Or that may just be roleplaying 101. Thanks either way for this doc!
Yeah, the end is absolutely a limp noodle at the moment. Good call.
Loving this, Rob. Even if you think it’s a mess, I like some of the changes you’ve made, especially in the Scene section. I’m very interested in the idea that multiple aspect invocations can be free when Establishing the action, but I’m not sure how you decide whether you’re still in that phase or in Making Adjustments (when invocations start costing fate points).
I know you said above that you’re only interested in substantive comments/feedback at the moment, so I’m not going to talk about the little typos and formatting issues, but there is one typo that jumps out at me: in the About this game section, you’ve misspelled my name. It’s Morffew, not Morphlew.
Ok, that is definitely a weird typo! Fixed in my local copy, and will be pushed up next time I update!
Thanks, Rob! Much appreciated!
I agree that it’s a weird typo, but bizarrely it’s not the first time I’ve seen that exact spelling.
I’ve recently become aware of your blog, and have been working my way through the Archives. Cool stuff.
I hope this is not too much nit-picking, but in the Advice to GMs section, the first bullet is “Offer a bargain”, and mentions gaining a fate point. However, there is no other text around bargains, and the Offerings to players seem to gain them a fate point.
As an avid Fate player (and working on GM-ing Fate), this distillation of the rules is excellent.
Looking forward to the next draft.
Thank you! And dagnabbit – I know I *wrote* about bargain, but I suspect it fell victim to the re-org.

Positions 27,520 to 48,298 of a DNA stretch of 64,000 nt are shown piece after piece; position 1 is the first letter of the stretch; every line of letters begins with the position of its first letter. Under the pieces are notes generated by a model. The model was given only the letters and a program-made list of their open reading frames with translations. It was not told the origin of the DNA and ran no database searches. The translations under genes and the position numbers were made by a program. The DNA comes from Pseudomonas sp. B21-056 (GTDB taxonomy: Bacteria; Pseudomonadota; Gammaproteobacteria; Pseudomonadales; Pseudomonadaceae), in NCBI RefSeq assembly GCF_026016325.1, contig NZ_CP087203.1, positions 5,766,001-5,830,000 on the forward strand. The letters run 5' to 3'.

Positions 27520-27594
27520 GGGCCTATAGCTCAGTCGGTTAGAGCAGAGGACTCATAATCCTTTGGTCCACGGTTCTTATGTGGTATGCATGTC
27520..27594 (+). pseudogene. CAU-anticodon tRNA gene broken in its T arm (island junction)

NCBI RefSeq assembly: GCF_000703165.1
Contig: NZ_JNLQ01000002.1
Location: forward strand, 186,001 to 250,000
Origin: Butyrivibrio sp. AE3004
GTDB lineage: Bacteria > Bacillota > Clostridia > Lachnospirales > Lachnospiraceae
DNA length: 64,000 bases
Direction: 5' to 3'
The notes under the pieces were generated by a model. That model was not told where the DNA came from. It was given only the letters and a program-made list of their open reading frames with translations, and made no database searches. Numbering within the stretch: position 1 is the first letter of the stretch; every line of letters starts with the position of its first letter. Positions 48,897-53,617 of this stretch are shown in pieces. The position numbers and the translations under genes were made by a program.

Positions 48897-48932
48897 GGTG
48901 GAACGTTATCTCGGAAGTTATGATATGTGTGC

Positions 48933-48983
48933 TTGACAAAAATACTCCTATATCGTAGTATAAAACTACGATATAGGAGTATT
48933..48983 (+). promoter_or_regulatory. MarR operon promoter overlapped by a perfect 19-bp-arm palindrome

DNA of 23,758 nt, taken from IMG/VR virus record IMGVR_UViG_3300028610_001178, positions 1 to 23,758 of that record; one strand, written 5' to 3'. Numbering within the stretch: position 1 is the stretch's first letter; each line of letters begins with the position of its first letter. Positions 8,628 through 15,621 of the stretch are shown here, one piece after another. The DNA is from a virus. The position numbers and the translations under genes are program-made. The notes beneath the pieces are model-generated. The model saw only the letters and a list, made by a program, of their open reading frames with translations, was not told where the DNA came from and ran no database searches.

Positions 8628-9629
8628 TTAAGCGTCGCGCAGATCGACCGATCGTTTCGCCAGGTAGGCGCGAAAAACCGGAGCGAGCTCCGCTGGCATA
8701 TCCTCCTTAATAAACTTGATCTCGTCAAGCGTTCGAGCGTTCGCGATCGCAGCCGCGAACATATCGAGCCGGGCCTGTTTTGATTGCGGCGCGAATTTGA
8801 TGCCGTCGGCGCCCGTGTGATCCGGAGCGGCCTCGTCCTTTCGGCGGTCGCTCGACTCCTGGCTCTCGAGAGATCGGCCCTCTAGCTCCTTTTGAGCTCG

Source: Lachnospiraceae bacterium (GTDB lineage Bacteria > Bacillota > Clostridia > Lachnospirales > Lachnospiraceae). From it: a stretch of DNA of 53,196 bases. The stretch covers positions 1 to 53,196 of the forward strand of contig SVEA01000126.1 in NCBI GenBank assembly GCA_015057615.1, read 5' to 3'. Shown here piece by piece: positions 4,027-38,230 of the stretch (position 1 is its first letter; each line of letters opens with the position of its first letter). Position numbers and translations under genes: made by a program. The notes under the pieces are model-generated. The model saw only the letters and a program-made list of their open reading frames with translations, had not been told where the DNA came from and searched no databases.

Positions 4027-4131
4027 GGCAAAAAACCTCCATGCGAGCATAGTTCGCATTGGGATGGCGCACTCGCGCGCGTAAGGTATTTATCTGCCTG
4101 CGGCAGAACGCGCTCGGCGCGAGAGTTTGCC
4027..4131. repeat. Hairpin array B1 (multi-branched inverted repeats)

In the Fate campaign I’m running, I’ve have been introducing TinyFate sensibilities. Mostly I’m charmed by its describing Fate as a boardgame. Now I’ve made one addition to the TinyFate rules which I’d love to hear feedback on. It gives my games that thing every boardgame has; a measurable goal;
Jointly spend 15 fate points by the end of your session.
This hard rule is meant to facilitate the soft rule to tell an interesting story together. It also adds one more bowl to the game; Earned Fate points come from the source bowl and spent points go to the sink bowl.
This has made it really simple for the players to keep in mind that Fate points are meant to flow. The result has been that my players have contributed to the story a lot more; they spend their Fate points more willingly and think of ways to earn new ones, strengthening their involvement in the storytelling. I only need to guard the quality of our invokes and compels, as always.